The Forest Way climbs from Wauchope in the Hastings River valley, up to over 1000 metres where Antarctic Beech forests grow at Brushy Mountain campground. There are good views from the ridge line. Along the way are various side trips, so pack a tent and make a weekend of your journey. Hastings Forest Way is gravel but suitable for AWDs and hardy 2WDs with good clearance in dry weather, although some side tracks are 4WD only. Keep a lookout for logging trucks.
Bellangry No 1 Fire Tower
Take the short detour on your right up to this picnic site and lookout in Bellangry State Forest. All that remains of the Fire Tower is the concrete base, but the view toward the Pacific Ocean is great!
Cobrabald Recreation Areas at The Bluff and Wild Bull
Forestry offer two campsites, The Bluff and Wild Bull with opportunities to swim in Mount Boss State Forest. Access them from Five Ways, near the No 1 Fire Tower Lookout.
Punchbowl Falls are on the the Bril Bril creek, and accessed from Mines Road.
Wilsons River Walks
Continuing up Forest Way, a marked turn off leads right to a lovely picnic site on the Wilsons River in Willi Willi National Park, with short walks through subtropical rainforest, and to a waterfall. An old, low forest bridge across the river was damaged in the 2021 floods.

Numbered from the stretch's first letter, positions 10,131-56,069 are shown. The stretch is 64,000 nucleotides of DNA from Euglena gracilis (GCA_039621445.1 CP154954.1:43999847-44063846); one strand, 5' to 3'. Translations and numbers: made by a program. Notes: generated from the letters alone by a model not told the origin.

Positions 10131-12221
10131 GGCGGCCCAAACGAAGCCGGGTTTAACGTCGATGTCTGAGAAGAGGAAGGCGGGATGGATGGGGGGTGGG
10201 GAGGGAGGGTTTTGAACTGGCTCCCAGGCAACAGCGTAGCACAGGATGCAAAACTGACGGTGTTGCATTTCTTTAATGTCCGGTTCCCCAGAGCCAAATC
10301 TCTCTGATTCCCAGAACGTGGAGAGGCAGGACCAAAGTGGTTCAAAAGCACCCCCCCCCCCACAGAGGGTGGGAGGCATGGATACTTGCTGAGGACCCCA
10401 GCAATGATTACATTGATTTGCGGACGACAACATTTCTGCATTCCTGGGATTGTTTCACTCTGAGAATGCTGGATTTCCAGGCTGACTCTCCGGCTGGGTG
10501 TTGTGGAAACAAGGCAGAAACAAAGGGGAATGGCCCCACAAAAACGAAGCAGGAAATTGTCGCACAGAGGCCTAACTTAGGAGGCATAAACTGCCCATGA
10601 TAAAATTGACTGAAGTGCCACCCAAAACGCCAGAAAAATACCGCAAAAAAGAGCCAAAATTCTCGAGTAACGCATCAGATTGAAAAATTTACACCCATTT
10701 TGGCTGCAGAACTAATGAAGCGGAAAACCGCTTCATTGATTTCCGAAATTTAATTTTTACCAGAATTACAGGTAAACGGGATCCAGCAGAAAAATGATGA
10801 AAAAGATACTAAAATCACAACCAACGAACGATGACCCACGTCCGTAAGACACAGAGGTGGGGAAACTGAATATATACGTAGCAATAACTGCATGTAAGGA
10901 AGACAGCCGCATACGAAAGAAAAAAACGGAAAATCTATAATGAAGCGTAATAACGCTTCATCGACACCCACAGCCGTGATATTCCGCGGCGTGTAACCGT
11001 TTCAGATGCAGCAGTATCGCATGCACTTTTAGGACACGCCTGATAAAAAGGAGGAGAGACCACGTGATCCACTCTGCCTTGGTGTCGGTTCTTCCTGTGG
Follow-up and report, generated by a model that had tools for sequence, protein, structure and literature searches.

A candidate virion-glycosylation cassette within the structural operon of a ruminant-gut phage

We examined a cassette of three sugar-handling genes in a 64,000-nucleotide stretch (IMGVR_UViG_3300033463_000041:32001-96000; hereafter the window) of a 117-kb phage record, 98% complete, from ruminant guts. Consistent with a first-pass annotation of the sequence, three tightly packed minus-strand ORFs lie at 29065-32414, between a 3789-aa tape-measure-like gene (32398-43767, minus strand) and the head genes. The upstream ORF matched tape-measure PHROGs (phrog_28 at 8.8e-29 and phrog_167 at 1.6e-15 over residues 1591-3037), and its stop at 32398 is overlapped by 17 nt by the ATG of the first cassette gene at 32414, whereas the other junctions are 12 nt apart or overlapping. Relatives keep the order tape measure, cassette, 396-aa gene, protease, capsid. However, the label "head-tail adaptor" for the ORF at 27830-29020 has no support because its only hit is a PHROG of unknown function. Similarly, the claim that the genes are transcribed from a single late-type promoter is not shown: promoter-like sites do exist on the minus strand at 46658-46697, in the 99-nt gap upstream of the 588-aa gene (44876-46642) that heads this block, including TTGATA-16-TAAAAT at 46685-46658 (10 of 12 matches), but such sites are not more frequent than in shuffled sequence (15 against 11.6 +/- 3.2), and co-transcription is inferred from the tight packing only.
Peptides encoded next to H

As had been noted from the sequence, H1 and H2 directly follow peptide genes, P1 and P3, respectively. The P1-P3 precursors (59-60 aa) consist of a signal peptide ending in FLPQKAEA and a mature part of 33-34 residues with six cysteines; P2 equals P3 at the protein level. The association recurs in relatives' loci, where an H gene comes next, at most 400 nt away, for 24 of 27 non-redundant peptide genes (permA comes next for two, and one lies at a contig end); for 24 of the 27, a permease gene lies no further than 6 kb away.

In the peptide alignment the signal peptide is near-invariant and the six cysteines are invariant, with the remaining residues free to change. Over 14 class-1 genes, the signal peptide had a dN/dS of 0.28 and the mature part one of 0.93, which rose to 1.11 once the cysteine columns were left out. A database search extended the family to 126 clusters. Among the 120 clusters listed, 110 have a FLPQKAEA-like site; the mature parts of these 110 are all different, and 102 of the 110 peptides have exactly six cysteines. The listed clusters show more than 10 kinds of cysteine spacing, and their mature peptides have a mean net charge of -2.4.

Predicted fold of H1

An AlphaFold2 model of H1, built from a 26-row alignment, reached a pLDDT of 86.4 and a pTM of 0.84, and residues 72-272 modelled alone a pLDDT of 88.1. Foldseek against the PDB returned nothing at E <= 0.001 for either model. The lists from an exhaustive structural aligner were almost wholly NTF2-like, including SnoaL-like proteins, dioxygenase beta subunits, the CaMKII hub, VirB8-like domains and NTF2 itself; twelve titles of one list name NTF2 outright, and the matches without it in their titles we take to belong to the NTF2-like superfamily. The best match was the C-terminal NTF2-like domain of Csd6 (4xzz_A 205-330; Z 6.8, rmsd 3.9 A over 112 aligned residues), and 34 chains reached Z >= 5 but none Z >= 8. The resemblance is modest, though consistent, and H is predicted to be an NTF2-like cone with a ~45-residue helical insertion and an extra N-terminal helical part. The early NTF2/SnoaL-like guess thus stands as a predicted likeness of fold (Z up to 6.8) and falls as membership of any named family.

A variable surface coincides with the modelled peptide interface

Banda Banda Arboretum
Some 60 years ago, Forestry planted conifers in an arboretum. Now part of Willi Willi National Park, a side road leads to the arboretum, where there is a beautiful, shady circuit walk through Antarctic beech forest with Californian redwoods on the side. At 1258 metres, Mt Banda Banda is the highest in the region.
Plateau Beech Campround
Brushy Mountain Campground
Finally, you reach Brushy Mountain Campground in Werrikimbe National Park, with campsites under tall trees, a kitchen shelter, and the Forbes River nearby. A walk leads through Antarctic Beech forest to Spokes Lookout.
You can return the same way, continue on to Mooraback campground on Racecourse Road (4WD only) or take Coachwood Road to the Carrai Plateau (4WD only). Alternately, follow a route to the Forbes River and Oxley Highway. Flooding in 2021 and 2022 impacted the area, so check the NPWS website for alerts and closed parks or roads before you go.